So the facts really don't support Romney's position so far. There are jobs for grads. Those jobs are as "good" as the commitment level of the college grad working in them. And the mismatch between the highest-paying jobs and the field of study chosen by college students is hardly the fault of any government administration.
But the fact remains that the cost of a college education is ridiculous. And I can't understand why nobody's pushing colleges to justify their 1,120% increases rather than trying to create governmental program bandaids for an education system that's got chronic systemic disorders.
One last comment about working in the retail industry, which is often viewed as the keeper of the least desirable jobs of last resort. In response to the PayScale survey data above, Dan Schawbel, a Gen Y expert and author of the book "Me 2.0." had this to say... "While [Gen Yers] are the future corporate leaders and change-makers, they are suffering in this economy by having to work in retail jobs over professional ones."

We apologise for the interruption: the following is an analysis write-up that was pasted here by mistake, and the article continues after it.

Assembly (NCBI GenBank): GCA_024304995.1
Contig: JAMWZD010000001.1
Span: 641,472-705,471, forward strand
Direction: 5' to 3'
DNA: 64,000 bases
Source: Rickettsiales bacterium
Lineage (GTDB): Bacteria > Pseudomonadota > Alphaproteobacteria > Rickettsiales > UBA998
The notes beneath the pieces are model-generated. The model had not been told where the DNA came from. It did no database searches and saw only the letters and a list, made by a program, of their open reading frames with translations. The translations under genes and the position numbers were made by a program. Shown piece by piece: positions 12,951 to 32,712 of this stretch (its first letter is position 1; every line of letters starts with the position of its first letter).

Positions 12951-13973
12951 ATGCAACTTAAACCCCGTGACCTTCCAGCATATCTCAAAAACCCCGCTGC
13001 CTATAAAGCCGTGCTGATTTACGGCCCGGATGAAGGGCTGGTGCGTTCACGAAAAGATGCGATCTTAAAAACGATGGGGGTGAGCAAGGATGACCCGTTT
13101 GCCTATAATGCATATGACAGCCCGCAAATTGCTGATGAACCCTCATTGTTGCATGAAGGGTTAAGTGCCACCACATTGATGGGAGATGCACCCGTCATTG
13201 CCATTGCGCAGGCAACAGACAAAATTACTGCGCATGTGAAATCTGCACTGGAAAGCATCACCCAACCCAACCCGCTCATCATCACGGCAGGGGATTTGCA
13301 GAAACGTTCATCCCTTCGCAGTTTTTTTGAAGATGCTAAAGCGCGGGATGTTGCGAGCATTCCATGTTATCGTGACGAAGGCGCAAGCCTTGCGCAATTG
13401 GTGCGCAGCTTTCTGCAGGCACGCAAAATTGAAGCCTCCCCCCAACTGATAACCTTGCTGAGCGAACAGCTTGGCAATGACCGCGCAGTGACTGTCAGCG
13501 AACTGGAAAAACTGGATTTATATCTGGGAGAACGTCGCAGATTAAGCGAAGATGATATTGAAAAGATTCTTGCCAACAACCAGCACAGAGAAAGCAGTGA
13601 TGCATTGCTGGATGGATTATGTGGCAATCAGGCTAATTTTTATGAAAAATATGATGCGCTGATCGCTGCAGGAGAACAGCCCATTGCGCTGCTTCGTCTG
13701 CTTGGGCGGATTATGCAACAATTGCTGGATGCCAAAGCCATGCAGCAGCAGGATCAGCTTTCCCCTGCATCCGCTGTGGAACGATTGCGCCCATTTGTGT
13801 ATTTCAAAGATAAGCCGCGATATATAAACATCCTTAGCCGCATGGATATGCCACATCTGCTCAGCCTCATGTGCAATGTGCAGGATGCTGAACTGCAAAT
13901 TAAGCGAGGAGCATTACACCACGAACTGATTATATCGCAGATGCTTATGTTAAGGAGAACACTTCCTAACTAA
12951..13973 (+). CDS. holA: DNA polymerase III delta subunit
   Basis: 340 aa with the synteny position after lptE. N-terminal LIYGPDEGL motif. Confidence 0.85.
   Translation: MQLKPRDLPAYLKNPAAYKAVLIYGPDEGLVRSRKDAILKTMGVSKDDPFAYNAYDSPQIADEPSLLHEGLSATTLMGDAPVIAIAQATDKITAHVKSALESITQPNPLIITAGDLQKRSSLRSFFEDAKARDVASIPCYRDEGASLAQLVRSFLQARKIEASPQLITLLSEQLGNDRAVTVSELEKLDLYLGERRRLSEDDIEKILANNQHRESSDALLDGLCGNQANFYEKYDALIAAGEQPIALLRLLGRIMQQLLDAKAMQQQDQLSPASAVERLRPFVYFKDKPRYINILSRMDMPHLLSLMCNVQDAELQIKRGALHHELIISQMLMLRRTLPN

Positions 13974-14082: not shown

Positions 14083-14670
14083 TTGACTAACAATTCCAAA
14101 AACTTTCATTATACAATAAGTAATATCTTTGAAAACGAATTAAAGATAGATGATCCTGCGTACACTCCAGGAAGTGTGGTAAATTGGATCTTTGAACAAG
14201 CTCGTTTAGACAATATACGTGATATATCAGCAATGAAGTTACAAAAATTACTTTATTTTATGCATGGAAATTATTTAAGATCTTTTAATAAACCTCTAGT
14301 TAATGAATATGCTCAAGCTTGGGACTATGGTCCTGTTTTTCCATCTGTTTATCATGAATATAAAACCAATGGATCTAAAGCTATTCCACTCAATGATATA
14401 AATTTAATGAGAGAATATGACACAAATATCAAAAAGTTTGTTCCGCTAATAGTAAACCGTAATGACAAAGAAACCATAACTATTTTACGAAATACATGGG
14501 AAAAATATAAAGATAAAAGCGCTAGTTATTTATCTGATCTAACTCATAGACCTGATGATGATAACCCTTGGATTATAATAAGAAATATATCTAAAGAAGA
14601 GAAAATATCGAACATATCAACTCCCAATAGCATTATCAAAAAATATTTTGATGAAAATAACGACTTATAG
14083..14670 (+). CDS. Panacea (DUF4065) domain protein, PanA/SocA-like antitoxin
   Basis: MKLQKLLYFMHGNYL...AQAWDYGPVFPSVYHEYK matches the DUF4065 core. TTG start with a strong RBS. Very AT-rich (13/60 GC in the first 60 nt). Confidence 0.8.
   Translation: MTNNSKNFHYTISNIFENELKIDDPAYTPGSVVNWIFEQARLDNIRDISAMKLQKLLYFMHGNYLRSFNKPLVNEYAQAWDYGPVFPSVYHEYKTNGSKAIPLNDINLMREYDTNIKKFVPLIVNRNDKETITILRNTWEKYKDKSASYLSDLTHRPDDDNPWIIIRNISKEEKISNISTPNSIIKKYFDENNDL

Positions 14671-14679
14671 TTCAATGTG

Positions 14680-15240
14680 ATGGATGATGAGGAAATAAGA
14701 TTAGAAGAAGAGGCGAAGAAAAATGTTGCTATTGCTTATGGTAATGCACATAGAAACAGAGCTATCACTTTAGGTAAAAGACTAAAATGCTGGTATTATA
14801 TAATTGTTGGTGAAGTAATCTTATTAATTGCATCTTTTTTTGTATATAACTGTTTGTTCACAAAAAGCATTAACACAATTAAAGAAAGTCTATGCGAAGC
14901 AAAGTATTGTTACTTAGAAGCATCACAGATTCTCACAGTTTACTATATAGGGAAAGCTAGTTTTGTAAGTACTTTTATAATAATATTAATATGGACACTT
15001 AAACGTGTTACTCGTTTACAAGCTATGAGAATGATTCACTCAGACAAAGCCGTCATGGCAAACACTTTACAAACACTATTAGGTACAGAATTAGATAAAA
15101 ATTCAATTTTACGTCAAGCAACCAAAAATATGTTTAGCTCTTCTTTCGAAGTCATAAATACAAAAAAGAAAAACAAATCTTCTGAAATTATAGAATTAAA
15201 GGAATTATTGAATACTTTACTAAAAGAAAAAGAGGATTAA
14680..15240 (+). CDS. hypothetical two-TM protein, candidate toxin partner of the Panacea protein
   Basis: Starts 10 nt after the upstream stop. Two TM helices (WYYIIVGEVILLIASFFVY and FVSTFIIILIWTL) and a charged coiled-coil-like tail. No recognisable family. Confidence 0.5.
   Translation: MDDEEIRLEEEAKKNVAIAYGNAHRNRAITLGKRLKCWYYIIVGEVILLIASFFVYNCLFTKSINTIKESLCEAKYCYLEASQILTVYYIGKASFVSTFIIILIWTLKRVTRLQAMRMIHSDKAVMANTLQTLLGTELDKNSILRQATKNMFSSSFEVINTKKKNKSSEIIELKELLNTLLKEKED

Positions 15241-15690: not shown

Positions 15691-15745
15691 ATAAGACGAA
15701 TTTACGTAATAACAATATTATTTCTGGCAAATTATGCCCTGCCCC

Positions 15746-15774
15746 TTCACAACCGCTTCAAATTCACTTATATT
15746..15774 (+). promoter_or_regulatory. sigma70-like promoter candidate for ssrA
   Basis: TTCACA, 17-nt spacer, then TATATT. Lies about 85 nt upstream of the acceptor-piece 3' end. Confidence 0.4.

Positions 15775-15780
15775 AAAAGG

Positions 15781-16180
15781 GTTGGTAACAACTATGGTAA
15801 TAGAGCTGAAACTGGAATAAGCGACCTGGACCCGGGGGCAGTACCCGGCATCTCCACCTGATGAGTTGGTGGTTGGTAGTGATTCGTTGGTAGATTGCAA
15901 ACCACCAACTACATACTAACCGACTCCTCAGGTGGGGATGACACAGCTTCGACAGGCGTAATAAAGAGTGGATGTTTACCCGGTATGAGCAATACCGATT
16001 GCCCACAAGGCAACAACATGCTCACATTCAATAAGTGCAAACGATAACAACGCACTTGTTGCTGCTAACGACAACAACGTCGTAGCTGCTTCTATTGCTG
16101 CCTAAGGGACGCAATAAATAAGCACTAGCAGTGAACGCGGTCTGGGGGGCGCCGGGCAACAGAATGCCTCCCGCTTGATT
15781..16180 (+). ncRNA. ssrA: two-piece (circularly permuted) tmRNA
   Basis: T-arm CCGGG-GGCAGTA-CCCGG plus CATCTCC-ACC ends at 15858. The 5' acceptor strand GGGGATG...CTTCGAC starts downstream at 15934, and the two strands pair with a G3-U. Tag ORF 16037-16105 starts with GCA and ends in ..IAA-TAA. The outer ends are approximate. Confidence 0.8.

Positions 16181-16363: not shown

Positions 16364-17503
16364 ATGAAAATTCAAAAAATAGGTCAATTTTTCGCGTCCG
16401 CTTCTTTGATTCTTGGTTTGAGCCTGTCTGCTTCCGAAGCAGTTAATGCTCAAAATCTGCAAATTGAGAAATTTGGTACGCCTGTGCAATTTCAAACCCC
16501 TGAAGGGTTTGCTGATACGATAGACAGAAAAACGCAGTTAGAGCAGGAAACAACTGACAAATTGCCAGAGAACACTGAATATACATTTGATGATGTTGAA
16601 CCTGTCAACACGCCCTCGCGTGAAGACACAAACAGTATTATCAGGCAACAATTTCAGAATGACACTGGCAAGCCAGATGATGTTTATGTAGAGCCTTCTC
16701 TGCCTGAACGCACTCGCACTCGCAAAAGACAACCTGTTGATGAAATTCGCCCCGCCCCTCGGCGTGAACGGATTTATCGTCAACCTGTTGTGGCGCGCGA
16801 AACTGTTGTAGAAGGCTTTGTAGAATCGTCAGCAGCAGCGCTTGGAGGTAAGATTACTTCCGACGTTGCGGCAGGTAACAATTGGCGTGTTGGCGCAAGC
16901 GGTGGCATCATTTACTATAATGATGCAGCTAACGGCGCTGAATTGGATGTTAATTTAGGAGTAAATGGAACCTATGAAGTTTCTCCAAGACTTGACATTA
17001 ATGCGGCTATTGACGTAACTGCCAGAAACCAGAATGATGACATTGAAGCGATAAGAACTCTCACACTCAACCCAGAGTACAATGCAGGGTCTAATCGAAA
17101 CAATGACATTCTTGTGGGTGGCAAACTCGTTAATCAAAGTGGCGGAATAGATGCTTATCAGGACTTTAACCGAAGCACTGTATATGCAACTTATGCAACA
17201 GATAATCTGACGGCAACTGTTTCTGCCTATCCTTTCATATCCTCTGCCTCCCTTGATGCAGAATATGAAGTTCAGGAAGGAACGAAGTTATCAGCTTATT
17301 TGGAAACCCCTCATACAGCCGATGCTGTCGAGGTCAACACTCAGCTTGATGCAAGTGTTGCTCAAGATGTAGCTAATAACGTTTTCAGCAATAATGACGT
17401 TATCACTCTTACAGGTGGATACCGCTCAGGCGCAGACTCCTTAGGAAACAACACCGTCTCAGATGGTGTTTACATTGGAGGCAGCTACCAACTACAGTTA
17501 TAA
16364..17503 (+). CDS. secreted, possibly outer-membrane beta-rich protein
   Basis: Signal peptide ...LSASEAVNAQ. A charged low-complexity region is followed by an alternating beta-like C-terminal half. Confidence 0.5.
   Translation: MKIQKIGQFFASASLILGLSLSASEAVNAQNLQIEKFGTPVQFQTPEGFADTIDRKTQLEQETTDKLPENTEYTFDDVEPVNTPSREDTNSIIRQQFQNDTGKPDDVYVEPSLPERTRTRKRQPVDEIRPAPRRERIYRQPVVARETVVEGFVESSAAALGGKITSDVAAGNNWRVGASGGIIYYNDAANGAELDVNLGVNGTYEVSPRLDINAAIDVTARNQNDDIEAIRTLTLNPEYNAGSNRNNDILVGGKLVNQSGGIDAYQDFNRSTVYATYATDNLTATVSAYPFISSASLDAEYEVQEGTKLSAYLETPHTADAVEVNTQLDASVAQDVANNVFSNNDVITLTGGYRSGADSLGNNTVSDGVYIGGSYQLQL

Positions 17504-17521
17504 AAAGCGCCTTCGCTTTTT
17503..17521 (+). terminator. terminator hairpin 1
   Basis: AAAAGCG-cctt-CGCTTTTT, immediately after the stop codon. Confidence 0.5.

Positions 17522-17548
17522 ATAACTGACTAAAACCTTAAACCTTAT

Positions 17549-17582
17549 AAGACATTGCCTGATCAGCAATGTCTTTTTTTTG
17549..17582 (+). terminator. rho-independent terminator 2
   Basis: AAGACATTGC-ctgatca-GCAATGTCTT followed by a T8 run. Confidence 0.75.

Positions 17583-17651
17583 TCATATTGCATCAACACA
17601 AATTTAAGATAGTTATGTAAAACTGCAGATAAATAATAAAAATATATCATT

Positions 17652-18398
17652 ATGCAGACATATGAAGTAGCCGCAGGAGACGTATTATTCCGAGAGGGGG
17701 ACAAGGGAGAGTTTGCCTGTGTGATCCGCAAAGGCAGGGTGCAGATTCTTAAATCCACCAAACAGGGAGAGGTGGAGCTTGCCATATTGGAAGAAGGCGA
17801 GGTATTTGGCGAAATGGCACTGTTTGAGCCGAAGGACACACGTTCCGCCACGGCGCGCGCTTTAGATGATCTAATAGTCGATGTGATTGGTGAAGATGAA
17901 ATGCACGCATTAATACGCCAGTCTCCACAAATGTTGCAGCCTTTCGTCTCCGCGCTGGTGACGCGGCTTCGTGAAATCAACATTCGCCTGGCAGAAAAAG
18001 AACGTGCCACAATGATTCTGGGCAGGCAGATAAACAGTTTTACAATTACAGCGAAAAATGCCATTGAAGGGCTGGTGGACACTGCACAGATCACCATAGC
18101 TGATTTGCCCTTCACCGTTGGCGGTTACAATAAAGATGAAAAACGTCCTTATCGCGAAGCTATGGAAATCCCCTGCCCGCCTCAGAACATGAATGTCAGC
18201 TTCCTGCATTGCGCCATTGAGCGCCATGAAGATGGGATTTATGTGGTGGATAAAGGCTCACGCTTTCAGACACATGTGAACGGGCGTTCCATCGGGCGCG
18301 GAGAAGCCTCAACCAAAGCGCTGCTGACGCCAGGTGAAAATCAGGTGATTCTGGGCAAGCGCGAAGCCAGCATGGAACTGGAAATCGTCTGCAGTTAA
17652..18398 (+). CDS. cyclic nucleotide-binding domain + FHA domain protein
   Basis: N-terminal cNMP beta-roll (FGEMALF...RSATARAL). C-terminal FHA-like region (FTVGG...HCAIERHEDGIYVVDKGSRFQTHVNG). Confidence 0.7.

News flash to Mr. Schawbel, and all those who agree with him... The retail industry is a highly competitive industry that generates about 2/3 of the GDP in the U.S. and employs nearly 15 million people. Retail jobs are real jobs and working in the retail industry is an actual career choice for millions of people, which they study for, train for, and achieve expertise in. A retail job is as "professional" as the person working in it, which is also true for politicians, writers, and self-appointed experts.
So as long as the financial health of the U.S. is dependent on consumption, does anybody have legitimate reason to disparage the job opportunities that are available in the chief industry that is driving the U.S. economy?
More About Retail Industry Jobs:
- The Retail Employers That College Grads Most Want to Work For
- Where to Find Today's Retail Job Openings
- Job Search Tips In Times of High Unemployment